Studies show that climate change, which is heightening the odds for and severity of extreme heat events, is also leading to more frequent occurrences of extreme fire risk days in parts of California during the fall (meteorologists define the fall as beginning on Sept. 1. In addition, climate change has been tied to a trend toward larger wildfires in parts of the American West. While California has dealt with its spate of fires, Colorado has also logged its largest wildfire on record.
Fire weather fears
One way to look at how volatile the fire weather conditions are in California, and how the upcoming heat wave could put parts of the state back in peril is through a metric that effectively measures the thirst of the atmosphere, known as the Evaporative Demand Drought Index. This index shows the ability of the atmosphere to dry out the landscape through high temperatures, clear skies, low humidity levels and other ways. It is a reliable indicator for fire danger — the higher the index, the greater the fire threat.
This summer, the EDDI has consistently been in its highest drought category, E4, over parts of California, a level that can be expected only 2 percent of the time based on records going back to 1980. Now, with a potentially historic heat wave descending this weekend over California and the Pacific Northwest, those drying effects will only intensify, pulling more moisture from plants and soils.
Scientists with the U.S. Forest Service and Cal Fire, which is California’s state firefighting agency, have seen evidence of high stress on vegetation in the last few months. Conditions have reached record dry levels periodically and then recovered during cooler, more humid intervals.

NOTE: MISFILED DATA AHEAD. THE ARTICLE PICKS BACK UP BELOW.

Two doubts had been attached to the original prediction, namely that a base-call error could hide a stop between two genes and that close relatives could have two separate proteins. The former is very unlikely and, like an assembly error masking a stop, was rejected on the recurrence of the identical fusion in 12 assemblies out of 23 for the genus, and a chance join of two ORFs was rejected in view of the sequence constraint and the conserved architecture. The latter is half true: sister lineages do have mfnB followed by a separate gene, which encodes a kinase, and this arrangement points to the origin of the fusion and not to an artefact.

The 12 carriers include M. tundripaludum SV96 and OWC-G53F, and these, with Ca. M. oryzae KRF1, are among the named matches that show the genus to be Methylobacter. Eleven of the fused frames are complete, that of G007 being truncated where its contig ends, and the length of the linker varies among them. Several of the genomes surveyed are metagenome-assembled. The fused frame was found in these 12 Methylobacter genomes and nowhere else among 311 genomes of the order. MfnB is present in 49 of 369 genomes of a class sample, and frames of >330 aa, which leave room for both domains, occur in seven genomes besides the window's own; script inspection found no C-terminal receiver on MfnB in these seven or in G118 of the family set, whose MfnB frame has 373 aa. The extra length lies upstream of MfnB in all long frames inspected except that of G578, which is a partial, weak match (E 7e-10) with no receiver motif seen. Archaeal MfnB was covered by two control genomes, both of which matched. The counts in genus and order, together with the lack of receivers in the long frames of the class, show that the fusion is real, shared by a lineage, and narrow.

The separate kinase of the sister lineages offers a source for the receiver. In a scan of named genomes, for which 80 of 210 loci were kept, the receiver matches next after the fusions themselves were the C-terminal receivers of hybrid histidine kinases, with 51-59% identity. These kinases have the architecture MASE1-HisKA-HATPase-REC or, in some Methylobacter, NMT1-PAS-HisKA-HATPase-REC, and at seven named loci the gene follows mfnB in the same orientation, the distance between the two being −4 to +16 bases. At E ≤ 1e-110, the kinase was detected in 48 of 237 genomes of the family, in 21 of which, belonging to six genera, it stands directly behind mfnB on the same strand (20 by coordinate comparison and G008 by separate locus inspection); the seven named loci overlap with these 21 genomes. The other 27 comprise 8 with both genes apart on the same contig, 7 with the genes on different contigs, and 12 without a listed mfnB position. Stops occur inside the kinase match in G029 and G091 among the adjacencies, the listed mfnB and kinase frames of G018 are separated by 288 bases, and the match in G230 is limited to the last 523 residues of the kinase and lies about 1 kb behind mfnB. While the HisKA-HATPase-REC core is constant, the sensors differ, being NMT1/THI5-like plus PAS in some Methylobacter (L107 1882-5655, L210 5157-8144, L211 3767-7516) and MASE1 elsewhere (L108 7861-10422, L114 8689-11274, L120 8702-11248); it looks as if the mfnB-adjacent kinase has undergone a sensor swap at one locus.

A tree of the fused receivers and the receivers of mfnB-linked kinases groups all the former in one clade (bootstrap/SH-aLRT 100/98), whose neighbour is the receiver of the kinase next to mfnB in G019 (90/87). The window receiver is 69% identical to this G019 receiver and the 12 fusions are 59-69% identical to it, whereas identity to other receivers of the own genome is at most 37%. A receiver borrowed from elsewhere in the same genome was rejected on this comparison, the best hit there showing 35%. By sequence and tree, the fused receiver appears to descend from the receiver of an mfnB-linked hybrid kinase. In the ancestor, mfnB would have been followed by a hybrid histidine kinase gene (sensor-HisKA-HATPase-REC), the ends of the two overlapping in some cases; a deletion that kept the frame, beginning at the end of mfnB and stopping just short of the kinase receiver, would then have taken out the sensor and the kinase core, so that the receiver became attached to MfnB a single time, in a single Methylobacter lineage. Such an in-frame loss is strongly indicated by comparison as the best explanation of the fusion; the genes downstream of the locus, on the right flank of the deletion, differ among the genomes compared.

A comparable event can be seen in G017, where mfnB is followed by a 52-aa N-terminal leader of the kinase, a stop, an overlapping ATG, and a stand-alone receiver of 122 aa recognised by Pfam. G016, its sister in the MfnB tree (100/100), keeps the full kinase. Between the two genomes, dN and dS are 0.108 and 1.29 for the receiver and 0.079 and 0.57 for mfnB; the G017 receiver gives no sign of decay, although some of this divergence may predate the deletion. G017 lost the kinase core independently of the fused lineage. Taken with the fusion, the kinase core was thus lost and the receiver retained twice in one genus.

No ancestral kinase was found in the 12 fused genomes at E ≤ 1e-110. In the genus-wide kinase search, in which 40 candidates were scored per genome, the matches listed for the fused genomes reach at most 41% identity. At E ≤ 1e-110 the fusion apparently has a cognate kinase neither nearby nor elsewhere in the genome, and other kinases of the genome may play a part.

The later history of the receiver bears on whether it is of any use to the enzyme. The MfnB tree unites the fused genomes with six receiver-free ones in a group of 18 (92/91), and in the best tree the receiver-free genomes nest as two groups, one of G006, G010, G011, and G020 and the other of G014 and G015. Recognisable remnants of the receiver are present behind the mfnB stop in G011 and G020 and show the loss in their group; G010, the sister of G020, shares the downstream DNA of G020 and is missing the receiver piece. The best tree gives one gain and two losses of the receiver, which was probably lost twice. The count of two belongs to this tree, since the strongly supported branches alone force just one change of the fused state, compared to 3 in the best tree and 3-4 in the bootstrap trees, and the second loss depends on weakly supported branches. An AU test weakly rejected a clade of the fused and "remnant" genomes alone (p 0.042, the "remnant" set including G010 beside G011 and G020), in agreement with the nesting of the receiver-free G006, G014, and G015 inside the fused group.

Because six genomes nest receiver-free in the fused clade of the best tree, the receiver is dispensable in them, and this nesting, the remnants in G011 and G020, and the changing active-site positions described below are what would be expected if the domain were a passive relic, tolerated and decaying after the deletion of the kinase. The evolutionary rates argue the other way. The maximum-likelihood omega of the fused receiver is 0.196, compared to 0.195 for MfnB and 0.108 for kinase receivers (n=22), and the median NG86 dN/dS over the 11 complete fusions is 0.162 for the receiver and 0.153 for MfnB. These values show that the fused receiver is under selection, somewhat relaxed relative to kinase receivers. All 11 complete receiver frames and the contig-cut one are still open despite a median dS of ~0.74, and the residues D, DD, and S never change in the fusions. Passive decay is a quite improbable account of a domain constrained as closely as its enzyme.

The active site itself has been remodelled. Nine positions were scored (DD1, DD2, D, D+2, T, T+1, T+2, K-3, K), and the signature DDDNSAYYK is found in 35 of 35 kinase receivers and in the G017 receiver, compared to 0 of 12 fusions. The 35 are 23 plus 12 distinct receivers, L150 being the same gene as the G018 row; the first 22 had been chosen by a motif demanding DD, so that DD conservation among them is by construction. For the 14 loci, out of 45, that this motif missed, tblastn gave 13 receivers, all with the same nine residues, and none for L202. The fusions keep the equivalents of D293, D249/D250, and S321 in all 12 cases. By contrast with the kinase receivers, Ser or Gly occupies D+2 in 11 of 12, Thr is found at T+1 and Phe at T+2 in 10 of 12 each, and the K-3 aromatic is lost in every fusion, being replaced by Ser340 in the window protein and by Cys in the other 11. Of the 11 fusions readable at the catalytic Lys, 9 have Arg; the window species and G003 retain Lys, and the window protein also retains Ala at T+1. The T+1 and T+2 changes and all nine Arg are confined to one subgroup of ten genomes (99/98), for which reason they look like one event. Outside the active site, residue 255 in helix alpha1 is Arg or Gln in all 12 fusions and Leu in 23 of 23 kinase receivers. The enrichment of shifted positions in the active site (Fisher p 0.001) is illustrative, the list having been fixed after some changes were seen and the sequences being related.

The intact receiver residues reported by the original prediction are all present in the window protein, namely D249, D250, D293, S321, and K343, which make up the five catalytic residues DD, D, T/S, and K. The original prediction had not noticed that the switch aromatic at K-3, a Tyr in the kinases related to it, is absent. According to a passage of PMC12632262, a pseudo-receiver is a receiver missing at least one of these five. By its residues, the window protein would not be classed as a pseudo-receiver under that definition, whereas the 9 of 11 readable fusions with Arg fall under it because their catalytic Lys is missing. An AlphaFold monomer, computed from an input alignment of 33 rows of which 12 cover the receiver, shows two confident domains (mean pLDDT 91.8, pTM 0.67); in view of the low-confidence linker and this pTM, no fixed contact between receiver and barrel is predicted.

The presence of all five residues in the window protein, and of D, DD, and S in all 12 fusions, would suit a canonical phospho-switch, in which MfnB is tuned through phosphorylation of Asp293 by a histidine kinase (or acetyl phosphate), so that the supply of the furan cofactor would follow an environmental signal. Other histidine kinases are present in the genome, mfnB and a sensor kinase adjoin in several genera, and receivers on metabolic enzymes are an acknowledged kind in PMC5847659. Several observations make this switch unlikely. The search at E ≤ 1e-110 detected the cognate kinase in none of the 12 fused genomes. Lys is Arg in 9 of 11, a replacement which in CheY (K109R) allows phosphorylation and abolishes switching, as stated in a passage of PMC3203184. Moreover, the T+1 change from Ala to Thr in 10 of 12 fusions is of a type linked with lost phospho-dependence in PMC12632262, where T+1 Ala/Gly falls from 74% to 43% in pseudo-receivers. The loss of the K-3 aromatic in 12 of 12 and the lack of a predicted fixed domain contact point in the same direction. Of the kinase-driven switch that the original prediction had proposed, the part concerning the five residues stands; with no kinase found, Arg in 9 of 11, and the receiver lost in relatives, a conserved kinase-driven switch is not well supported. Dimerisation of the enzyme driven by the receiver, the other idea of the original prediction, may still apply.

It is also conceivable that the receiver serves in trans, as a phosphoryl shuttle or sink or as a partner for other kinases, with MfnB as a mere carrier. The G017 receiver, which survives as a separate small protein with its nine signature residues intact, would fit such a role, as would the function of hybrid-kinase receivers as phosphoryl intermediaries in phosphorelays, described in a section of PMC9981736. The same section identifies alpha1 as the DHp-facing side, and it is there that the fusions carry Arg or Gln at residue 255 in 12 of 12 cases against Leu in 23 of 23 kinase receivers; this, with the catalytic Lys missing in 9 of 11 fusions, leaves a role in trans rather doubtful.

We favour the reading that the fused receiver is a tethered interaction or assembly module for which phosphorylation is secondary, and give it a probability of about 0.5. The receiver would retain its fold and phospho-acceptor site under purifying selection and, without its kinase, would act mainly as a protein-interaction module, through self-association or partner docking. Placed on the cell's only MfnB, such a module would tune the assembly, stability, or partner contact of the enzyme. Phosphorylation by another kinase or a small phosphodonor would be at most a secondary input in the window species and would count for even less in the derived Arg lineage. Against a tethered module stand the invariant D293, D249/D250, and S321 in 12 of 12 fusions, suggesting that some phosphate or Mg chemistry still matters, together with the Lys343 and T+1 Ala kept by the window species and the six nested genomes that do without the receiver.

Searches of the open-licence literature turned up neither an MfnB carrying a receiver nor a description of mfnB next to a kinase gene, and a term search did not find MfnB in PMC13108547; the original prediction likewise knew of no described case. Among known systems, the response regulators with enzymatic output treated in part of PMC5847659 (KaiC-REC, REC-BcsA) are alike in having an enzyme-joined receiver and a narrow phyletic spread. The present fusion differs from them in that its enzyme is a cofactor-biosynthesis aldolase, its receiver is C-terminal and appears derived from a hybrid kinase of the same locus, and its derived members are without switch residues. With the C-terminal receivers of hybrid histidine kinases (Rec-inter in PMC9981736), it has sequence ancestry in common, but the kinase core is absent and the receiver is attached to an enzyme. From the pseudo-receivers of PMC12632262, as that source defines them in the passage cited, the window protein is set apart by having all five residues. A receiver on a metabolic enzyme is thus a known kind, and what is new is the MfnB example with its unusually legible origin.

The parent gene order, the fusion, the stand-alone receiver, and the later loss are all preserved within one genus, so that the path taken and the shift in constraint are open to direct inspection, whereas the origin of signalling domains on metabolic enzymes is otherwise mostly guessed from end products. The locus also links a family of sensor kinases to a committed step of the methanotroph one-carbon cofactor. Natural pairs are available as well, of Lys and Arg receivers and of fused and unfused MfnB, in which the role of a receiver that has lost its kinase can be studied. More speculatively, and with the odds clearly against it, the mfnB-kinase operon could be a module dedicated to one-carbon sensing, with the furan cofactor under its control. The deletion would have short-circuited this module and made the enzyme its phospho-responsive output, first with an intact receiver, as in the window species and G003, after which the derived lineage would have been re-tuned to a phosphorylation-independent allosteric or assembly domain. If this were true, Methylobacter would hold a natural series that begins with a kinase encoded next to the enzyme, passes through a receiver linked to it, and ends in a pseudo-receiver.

Shrubs and tree canopies, for example, are running drier this summer than they were in 2018, California’s worst fire season on record when multiple megafires burned nearly 2 million acres. That level of dryness in live trees allows fires to spread into canopies, burning hotter with “extreme fire behavior” that can be impossible for firefighters to control.
With the core of the fire season still ahead, 2020 could easily surpass the area burned in 2018.
Weather in the last week in California has helped firefighters gain containment on some of the largest fires burning near populated parts of the greater Bay Area. The return of a deep layer of cooler, more humid air off the Pacific, known as the marine layer, has improved conditions on coastal fires, like the CZU Lightning Complex in Santa Cruz that has burned about 85,000 acres and the Walbridge Fire in Sonoma County, which has burned nearly 55,000 acres. Calmer winds have also helped.
The upcoming intense heat wave, however, could send many areas back into record dryness, making all vegetation susceptible to quick fire spread. Daily winds that blow from the ocean to the valleys are also expected to return. In addition, offshore winds in parts of California could be quite strong, potentially requiring advisories or warnings of their own and leading to extreme fire behavior.
“Any kind of localized breeze will activate the fires,” said Brent Wachter, a predictive services meteorologist with the U.S. Forest Service in Redding.
Some computer models are showing the possibility of a widespread, strong offshore wind event Monday into Tuesday, which would take place just after the heat wave has peaked, drying out vegetation even more in the process.
The mid-August heatwave and lightning siege that wrought havoc in California also affected parts of the Pacific Northwest; more than a dozen large fires burning in central and eastern Oregon and Washington that required heavy commitment of firefighting resources. Much of Oregon is in severe to extreme drought, according to the latest U.S. Drought Monitor.